Tribals rely on forests for their daily needs, obtaining food and resources for survival from the forest ecosystem.
(d) What are the causes and consequences of deforestation?
- Urban expansion
- Agricultural clearing
- Firewood extraction
- Soil erosion
- Biodiversity loss
- Global warming
- Disrupted water cycle
(e) What is Red Data Book?
The Red Data Book is a global record maintained by IUCN, listing endangered plant and animal species on the brink of extinction, serving as a conservation reference.
(f) What do you understand by the term migration?
Migration refers to the regular movement of organisms or groups from their natural habitats to another location, often driven by seasonal changes or breeding requirements.
6. In order to meet the ever-increasing demand in factories and for shelter, trees are continually being cut. Is it justified to cut trees for such projects? Discuss and prepare a brief report.
Report: Should Trees be Cut for Development Projects?
Cutting down trees to meet the demands of industrialization and urbanization raises significant concerns. While development is crucial, it should not come at the cost of our environment and its delicate balance. Forests harbor diverse life forms and provide essential services that benefit humans and the planet.
Forests play a vital role in maintaining air quality by absorbing carbon dioxide and releasing oxygen through photosynthesis. This natural process helps combat greenhouse gases and global warming. Moreover, trees' root systems prevent soil erosion, and their presence can mitigate the impact of natural disasters like floods and droughts.
Large-scale deforestation, driven by human demands, triggers a cascade of problems, including soil erosion, the greenhouse effect, global warming, floods, and droughts. These issues have far-reaching consequences on ecosystems, biodiversity, and even human societies.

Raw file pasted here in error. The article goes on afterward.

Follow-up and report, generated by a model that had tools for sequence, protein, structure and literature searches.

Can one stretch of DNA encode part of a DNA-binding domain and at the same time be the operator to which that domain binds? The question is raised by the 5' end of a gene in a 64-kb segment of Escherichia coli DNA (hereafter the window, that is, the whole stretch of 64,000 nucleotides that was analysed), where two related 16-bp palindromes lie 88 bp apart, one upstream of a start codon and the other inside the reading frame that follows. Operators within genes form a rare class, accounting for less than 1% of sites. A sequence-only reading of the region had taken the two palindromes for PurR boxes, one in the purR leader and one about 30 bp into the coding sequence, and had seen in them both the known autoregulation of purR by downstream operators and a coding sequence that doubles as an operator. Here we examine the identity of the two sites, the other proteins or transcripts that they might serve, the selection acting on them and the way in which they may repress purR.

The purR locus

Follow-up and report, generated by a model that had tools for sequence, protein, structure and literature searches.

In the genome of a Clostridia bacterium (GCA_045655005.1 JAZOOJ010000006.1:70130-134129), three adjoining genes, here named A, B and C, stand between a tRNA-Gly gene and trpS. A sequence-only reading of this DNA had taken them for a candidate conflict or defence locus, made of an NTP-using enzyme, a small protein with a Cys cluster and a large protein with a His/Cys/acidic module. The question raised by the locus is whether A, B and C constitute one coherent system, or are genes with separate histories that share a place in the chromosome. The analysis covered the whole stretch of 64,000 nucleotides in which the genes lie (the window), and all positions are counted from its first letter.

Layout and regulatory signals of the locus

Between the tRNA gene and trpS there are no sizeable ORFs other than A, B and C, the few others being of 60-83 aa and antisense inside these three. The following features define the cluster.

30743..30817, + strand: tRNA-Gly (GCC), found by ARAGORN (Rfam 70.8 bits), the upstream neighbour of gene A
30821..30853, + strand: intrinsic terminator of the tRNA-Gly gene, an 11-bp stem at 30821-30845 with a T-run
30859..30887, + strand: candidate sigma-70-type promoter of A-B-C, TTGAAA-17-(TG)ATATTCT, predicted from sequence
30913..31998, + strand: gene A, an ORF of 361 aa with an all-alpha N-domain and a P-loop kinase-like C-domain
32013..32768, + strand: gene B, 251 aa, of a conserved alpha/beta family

Ultimately, the destruction of trees disrupts the balance of nature. While development is necessary, it should be pursued through sustainable practices that minimize the impact on the environment. Striking a balance between progress and ecological preservation is crucial for the well-being of current and future generations. It is imperative to prioritize conservation efforts and responsible land use planning to ensure a harmonious coexistence between development and nature.
7. How can you contribute to the maintenance of the green wealth of your locality? Make a list of actions to be taken by you.
I can contribute to the green wealth of my locality by:
- Planting Trees: Actively planting new trees to increase the green cover.
- Spreading Awareness: Educating my community about the significance of trees and plants in our ecosystem.
- Organizing Events: Arranging regular events to encourage tree planting and care.
- Involving Others: Motivating my neighbors to participate and join the initiative.
- Engaging Youth: Focusing on educating children and youth about environmental importance.
- Regular Maintenance: Ensuring existing trees are watered and well taken care of.
By taking these actions, I aim to contribute towards preserving and enhancing the green wealth of our locality.
Deforestation involves clearing trees and plants for industries, farming, and other needs. Plants perform photosynthesis, absorbing CO2 from the air. When plants are removed, CO2 levels rise, trapping heat and causing global warming. This warmer environment disrupts the water cycle, changing rainfall patterns. The disturbance cascades, eventually leading to droughts due to altered rainfall.
Saving paper is crucial because producing paper requires cutting down trees. Trees contribute to ecological balance. To prevent the negative effects of tree loss on nature and dependent organisms, paper conservation is essential.
Ways to save paper:
- Recycling: Collect and recycle used paper.
- Double-Sided Use: Utilize both sides of paper for writing.
- Awareness: Educate children and youth about paper's significance.
- Conscious Use: Be mindful of paper consumption and use it efficiently.